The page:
Twenty more quality soul gems from the Real Side Soul Coalition have come my way – numbers 3, 4, and 5 were also reviewed on these pages and the rare 1974 “Funny How We’ve Changed Places” by the great Debra Anderson opens up this great collection of songs which were recorded between 1969 and 1985. The Generel Crook‘s “Thanks, But No Thanks”, also from 1974, sees the light of day on CD for the first time, as do several other tracks from this superb, uplifting, and highly recommended soul set. The short brass section on this particular track is worth the trip alone.
The lushly orchestrated “You Got To Know Better”, high on percussive backing, by Touch Of Class, a Philadelphia-based four-member group with classy vocals by brothers Gerald and Pete Jackson, is up next. And the obscure “Woman” by The Nicky Newarkers from 1976 is another pre-disco masterpiece, produced by Jerry Ross who masterminded the classic “Sunny” by Bobby Hebb. The background vocals on the breezily flowing “Better Late Than Never” by Diane Ducane, another previously unknown singer to me and equipped with a really unique voice, is simply irresistible. We also get a Holland-Dozier-Holland piece here by Tyrone Edwards and his 1974 “Can’t Get Enough Of You” – pure Motown soul which was not released on Motown though, but on Invictus.
Our all-girl vocal group favorite Honey Cone is featured with “If I Can’t Fly”, which totally flopped the charts in 1973, but sure sounds brilliant more than 43 years later. High-flying strings, fantastic vocals as we can expect from the girls, on one of their last recordings before they split up. The Whispers are here, too, with one of their early recordings, years before they came out with their first full LP: the 1969 “I Can’t See Myself Leaving You”, with the already unique-sounding Scott twins (I think it is Walter on lead vocals here). Another Holland-Dozier-Holland production is “Something New About You” by Silent Majority, a formerly unknown band to me as well. Pure early 70s classic soul. You can’t do anything wrong with Willie Hutch and the sweet “When A Boy Falls In Love” from 1970 is just magic – one of the highlights of the set here even though it borders on the edge of the syrupy side of things, but still an amazingly catchy track.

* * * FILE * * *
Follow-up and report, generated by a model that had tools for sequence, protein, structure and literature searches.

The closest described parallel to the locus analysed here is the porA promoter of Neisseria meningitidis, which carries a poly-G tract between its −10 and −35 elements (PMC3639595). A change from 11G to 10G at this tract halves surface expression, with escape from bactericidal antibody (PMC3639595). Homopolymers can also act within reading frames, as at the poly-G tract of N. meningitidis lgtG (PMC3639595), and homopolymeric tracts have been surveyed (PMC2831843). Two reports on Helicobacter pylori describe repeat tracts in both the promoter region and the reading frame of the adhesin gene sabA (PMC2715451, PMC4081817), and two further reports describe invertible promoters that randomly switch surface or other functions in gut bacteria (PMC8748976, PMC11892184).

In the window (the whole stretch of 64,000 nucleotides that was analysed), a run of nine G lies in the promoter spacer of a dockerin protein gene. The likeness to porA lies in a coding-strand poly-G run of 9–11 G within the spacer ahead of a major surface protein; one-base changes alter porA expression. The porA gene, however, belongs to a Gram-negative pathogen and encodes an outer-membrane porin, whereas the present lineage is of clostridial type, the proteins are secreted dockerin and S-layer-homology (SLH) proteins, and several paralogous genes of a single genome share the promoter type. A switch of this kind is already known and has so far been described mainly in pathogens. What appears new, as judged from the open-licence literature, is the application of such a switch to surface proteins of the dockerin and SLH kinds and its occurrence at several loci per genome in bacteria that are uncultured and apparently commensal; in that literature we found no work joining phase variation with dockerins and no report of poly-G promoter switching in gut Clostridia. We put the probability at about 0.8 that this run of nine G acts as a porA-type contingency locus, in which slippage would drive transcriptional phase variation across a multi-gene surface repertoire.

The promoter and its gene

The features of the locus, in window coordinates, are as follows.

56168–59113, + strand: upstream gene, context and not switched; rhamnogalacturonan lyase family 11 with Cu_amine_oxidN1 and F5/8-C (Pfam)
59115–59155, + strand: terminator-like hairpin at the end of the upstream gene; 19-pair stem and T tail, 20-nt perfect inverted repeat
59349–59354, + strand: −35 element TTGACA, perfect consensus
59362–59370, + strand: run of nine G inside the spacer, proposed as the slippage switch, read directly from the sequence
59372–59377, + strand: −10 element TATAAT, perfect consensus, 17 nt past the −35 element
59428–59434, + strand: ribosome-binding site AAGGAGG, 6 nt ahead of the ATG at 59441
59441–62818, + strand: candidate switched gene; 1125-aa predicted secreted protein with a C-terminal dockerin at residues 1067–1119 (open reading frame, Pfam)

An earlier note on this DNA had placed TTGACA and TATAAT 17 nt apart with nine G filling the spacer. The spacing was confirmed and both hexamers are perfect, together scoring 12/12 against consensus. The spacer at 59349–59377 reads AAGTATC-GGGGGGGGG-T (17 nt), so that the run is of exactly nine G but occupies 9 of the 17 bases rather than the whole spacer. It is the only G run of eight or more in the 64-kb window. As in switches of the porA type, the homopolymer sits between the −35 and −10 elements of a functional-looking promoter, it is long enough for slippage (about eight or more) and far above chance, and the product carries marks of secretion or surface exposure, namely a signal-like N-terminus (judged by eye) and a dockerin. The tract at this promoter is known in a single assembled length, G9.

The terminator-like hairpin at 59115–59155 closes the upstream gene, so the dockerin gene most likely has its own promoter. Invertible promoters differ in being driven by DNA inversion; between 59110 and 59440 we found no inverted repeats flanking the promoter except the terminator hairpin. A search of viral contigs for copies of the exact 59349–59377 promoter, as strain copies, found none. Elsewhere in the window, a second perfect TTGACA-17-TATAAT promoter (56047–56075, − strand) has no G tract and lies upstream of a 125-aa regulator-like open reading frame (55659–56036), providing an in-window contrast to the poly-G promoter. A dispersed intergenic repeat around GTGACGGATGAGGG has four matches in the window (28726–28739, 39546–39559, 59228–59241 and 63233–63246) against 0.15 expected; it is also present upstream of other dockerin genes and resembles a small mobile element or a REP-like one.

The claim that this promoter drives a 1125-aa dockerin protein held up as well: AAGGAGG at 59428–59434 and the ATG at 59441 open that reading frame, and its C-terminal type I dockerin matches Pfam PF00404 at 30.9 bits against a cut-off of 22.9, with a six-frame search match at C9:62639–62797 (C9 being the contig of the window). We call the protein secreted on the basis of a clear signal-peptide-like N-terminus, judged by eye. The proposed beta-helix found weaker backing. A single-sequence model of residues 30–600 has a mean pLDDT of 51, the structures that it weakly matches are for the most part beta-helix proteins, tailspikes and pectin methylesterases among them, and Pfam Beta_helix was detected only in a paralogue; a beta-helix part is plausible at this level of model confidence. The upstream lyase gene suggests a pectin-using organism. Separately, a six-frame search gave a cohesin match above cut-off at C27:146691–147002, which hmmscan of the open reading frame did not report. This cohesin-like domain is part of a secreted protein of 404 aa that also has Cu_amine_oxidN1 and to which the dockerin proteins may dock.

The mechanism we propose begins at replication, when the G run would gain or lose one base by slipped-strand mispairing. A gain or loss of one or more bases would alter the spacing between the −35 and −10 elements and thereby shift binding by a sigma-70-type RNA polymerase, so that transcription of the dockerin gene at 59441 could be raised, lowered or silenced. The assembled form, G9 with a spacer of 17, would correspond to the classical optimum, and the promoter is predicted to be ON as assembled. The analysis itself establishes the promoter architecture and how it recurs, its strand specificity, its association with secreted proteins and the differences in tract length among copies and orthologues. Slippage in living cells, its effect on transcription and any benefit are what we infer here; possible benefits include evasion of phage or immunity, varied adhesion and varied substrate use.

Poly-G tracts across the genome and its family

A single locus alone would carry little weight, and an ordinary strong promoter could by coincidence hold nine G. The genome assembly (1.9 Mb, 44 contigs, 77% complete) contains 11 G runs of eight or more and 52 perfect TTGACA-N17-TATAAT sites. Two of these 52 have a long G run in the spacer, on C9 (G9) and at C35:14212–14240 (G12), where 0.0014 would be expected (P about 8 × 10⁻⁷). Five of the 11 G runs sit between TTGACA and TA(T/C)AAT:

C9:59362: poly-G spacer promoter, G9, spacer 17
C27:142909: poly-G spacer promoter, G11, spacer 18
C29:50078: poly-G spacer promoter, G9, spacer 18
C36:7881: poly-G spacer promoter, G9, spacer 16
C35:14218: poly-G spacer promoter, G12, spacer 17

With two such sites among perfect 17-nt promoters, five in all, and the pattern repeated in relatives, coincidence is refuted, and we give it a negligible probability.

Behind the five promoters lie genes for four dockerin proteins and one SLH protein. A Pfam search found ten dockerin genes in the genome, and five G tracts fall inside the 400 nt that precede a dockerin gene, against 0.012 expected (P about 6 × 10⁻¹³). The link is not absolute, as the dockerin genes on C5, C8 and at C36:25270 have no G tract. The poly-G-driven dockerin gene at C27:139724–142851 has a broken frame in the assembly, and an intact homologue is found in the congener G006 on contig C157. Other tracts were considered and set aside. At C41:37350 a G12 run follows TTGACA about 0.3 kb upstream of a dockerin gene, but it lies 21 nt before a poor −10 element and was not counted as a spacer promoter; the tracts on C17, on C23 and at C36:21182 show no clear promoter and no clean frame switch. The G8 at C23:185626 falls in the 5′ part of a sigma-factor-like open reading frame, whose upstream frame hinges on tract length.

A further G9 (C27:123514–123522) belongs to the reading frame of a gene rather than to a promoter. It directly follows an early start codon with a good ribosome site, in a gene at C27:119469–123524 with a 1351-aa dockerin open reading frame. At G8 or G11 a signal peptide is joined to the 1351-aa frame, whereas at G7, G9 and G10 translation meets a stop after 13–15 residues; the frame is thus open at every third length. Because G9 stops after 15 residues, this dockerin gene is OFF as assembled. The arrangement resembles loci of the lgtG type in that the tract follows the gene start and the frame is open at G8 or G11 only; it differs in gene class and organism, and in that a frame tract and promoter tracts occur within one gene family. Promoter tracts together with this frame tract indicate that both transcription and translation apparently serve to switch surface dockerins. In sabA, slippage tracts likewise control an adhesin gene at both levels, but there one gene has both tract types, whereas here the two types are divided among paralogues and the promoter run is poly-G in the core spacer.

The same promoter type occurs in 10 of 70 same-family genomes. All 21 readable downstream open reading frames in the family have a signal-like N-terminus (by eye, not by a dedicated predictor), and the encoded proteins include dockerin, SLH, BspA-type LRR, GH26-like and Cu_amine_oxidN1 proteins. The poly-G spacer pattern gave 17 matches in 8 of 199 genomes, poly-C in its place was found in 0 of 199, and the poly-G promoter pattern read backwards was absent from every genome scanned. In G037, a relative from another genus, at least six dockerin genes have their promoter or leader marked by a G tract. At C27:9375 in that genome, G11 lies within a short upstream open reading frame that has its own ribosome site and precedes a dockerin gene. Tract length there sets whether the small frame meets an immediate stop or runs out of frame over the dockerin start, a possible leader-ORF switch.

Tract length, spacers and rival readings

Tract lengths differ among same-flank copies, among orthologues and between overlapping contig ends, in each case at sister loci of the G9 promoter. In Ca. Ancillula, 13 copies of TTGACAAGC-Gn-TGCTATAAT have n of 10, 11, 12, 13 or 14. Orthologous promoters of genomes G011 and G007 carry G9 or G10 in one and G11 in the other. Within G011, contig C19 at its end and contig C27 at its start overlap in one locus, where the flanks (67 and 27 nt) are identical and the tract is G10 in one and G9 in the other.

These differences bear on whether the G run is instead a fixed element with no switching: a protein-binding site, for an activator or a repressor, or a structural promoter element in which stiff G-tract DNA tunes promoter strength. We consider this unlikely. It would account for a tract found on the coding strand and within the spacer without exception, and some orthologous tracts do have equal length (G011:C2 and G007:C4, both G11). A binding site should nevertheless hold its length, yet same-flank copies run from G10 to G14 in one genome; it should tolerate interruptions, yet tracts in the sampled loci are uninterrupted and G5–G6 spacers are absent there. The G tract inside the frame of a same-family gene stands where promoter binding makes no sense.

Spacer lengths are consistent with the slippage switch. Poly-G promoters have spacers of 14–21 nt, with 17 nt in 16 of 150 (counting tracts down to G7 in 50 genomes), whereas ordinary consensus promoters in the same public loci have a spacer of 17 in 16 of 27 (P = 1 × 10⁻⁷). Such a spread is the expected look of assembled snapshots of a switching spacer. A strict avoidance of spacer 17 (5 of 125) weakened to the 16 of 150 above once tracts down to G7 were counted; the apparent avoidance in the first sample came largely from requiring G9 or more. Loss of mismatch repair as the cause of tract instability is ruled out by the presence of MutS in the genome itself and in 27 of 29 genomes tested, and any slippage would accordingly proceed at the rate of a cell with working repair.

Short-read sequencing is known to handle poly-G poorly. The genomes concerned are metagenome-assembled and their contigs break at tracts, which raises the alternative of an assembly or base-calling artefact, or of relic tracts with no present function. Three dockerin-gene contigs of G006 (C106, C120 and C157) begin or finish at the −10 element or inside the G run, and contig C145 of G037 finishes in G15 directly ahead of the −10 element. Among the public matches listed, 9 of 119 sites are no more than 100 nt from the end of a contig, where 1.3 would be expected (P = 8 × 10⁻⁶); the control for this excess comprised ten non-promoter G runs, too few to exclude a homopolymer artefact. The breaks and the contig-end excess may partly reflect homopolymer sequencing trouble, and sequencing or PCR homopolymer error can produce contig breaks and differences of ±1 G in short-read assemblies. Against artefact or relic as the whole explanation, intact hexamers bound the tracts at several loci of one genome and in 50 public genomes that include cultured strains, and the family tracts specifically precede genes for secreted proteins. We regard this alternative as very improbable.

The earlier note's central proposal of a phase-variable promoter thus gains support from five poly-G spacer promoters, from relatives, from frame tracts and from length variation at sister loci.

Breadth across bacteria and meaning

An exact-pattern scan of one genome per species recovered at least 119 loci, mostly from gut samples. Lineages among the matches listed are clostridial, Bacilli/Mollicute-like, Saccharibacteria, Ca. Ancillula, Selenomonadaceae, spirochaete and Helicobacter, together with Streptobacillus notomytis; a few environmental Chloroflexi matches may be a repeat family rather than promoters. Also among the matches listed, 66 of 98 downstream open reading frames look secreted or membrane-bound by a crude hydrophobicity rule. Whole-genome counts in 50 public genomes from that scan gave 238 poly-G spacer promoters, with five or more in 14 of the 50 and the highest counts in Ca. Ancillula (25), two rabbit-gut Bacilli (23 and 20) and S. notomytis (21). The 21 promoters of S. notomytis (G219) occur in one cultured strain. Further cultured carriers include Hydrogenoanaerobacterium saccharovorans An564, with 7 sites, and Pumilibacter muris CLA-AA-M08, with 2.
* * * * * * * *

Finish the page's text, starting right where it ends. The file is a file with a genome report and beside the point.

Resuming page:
Believe it or not but I was never really a fan of Wilson Pickett, so I skip the 1973 “Mr. Magic Man” and continue with the Ray Charles-produced 1975 gem “I Need Your Love” from soul/funk pianist, singer, songwriter and arranger Clydene Jackson – a tune from her debut album “Fresh”. And a welcome return is Weldon Irvine with his superbly grooving “I Love You” from his 1976 “Sinbad” album with Don Blackman on vocals and a tune reminiscent of Marvin Gaye’s best tunes from that era. There is another first-time-on-CD track here from the very rare Wood, Brass & Steel album “Hard & Heavy” – the very sophisticated “Open Up Your Heart”. The youngest track on offer is “One Time To Make It Right” by The DMX Affair, complete with the typically quirky production methods of the mid-80s. Gary Byrd, who had a major rap hit in 1983 with “The Crown” featuring Stevie Wonder, is included here with another rap track, but from a decade earlier: “Soul Travelin’ Pt. 1” sees the light of day on CD for the first time here, his track dedicated to other soul contemporaries of the time, like Stevie Wonder, Curtis Mayfield, Isaac Hayes, or the Jackson Five.
The remaining cuts are a Sylvia Robinson-produced 1972 track by Lonnie Youngblood from War, the solid “I Only Hurt Myself”, a 1976 Billy Paul tune from one of his weaker Philadelphia International albums from 1976, “Let ‘Em In”, the still cute “I Trust You”, a very short Jon Lucien tune from his second album “Rashida” (1973), written together with Dave Grusin, the extremely catchy bass-and brass-heavy “Would You Believe In Me”, and a 1972 obscurity by former The Platters vocalist Sonny Turner and Sound Unlimited, the midtempo “Now That You’re Gone”, bringing this wonderful collection to an easing ending.